Music icon

Country music icon Loretta Lynn dies at 90

Loretta Lynn performing in 1970. Photo: CBS via Getty Images

Loretta Lynn, the country music legend whose music lifted her from the poverty of an eastern Kentucky coal town to the heights of fame, died Tuesday at her home. She was 90 years old.

  • Her outspoken poetry dealt frankly with love, deception and motherhood, and set the standard for generations of singer-songwriters who followed her.

Lynn’s autobiographical anthem “Coal Miner’s Daughter,” and the Oscar-winning film that followed, tell the story of her humble upbringing in Butcher Hollow.

  • She turned her real-life experiences to the top of the charts and sold 45 million albums worldwide.

Enlarge: Lynn was Nashville’s ultimate self-taught success story. She remembers sleeping in a car with her husband the day before her Grand Ole Opry debut. She was so poor when she arrived that she had to borrow clothes, even panties, from legend Patsy Cline.

  • “I had practically no clothes, so [Patsy] took care of me and gave me hers,” Lynn told the Tennessean in 2015. “She gave me a pair of panties that I swear I wore for four years. I don’t know what I did with them, but they never wore out.”

The big picture: Lynn’s music eventually took her to the pinnacle of country music. In 1972, she became the first woman to be named Artist of the Year by the Country Music Association.

  • During more than 60 years in the music industry, she has established herself as a fierce and inimitable songwriter and singer. His best-known work ranged from steel to tender.
  • Hits like “Fist City,” “Don’t Come Home A Drinkin’ (With Lovin’ On Your Mind)” and “The Pill” broke the boundaries of country music for women.

What they say : “Loretta Lynn’s life was unlike any other, but she crafted a body of work that resonates with people everywhere”, Country Music Hall of Fame and Museum CEO Kyle Young said.

  • “In a music industry often preoccupied with aspiration and fantasy, Loretta insisted on sharing her own brash and courageous truth.”

The bottom line: Despite being one of country music’s greatest artists, Lynn saw her accomplishments through the same unsentimental lens that has made her work indelible.

  • “Cultural Contributions? What is it?” she told the Tennessean when she was to receive the prestigious Kennedy Center Honor in 2003. “I was saying it like I was living it. People were hovering around it, but I went through the middle.”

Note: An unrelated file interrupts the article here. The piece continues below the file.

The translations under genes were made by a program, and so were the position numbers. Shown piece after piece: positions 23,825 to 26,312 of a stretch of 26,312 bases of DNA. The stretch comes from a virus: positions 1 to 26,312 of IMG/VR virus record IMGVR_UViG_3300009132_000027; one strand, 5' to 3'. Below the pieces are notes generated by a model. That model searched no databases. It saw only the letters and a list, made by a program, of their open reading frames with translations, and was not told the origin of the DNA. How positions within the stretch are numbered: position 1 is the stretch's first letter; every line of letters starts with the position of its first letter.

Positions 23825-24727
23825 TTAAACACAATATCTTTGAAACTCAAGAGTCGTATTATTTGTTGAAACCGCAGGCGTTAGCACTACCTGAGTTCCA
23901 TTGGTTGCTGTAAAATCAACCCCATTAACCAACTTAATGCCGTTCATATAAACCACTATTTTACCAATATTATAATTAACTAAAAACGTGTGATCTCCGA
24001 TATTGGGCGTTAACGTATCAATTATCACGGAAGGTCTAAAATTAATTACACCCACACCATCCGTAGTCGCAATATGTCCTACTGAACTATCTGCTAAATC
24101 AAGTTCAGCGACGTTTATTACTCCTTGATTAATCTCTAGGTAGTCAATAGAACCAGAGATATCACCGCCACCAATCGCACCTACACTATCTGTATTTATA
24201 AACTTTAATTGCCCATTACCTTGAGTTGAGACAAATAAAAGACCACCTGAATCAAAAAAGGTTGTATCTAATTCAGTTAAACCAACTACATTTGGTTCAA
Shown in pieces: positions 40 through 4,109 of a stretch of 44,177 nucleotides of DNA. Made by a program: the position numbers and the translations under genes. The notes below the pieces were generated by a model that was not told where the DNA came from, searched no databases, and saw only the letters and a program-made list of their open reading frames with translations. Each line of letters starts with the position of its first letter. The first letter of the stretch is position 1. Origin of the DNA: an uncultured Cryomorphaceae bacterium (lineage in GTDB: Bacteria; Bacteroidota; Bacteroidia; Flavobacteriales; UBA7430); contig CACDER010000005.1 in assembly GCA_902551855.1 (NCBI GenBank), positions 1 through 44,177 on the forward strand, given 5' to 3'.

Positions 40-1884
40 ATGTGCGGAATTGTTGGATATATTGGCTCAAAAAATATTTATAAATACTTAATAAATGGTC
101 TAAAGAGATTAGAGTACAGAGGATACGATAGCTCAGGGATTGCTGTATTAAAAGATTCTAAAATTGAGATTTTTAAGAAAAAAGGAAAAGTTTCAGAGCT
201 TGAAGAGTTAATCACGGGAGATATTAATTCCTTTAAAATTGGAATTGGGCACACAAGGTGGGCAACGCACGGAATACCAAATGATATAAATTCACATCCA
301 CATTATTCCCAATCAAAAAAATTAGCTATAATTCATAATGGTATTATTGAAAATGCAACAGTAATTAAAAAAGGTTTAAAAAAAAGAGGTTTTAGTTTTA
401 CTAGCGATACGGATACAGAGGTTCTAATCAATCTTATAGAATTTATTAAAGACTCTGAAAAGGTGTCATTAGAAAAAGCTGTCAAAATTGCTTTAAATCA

Read the Tennessean’s obituary written by Peter Cooper

Loretta Lynn seated with Gretchen Wilson, Martina McBride and Reba McEntire.
Loretta Lynn sitting with Gretchen Wilson, Martina McBride and Reba McEntire in 2010. Photo: Rick Diamond/WireImage for NARAS

Although Lynn is celebrated as a pioneer of country music today, her pragmatic handling of topics like divorce, sex and infidelity often put her at odds with the buttoned establishment of the industry.

  • Several of his songs were initially banned by radio stations.

Between the lines: Her brutal honesty from the start of her career clashed with the genteel image that many female performers adopted in the 1950s and 1960s.

  • At a time when women were struggling to break into the country music industry, “The Pill” hit harder than a two-by-four.

“That old maternity dress I have to go in the trash. The clothes I wear from now on won’t take so much distance,” she sang.

  • “Miniskirts, cropped pants and a few fancy little ruffles. Yeah, I’ve been wearing makeup for all these years since I got on the pill.”

Front flash: Lynn set the stage for unapologetic artists like Tanya Tucker, Miranda Lambert, Kacey Musgraves and countless others.

For instance: There’s a straight line connecting “Fist City,” “One’s On The Way,” and other Lynn classics with Gretchen Wilson’s “Redneck Woman,” Lambert’s “Gunpowder and Lead,” and Musgraves’ “Merry Go ‘Round.” .

Loretta Lynn with Jack White at the Grammys.
Loretta Lynn with Jack White at the Grammys in 2005. Photo: Robyn Beck/AFP via Getty Images

Lynn had already achieved iconic status with older generations when she collaborated with rocker Jack White on the album “Van Lear Rose”, which introduced her to new fans.

  • The album won Grammys for Best Country Album and Best Country Collaboration.

Why is this important: Lynn was five decades and dozens of albums into her career, and her music was ubiquitous in the country genre itself. And yet, the 2004 partnership with White showed that she still had a new page to turn.

  • “Van Lear Rose” is peppered with Lynn’s deeply personal storytelling, but the album was heralded for its stripped-down, rock-tinged sounds.
  • Hipster music website Pitchfork gave “Van Lear Rose” a glowing score of 9.3. CMT ranked it as the 18th best country album of all time.
  • “(‘Van Lear Rose’ is) a homecoming for a small-town musician with poise, humor and compassion, but deep down it’s happy to just be a kickass country record “, says the Pitchfork review.

Be smart: Lynn followed the release of the album with a tour that ventured to rock clubs across the country.

How it worked: Lynn told CMT that she got used to striving for perfection in the studio with producer Owen Bradley, who worked on many of her hit albums.

  • While Bradley preferred to do take after take of songs, White wanted to capture the songs in one take. In an Instagram post on Tuesday, White described how there were times when he was so moved by Lynn’s performances in the studio that he needed to take a break and step outside.
  • “I couldn’t believe what I was witnessing and hearing,” White said. “I almost felt like she didn’t even realize it, you know. But she was just a genius and just brilliant at what she did and we were lucky to have her. have and people can learn for example rags to riches and beautiful natural voice is part of it.”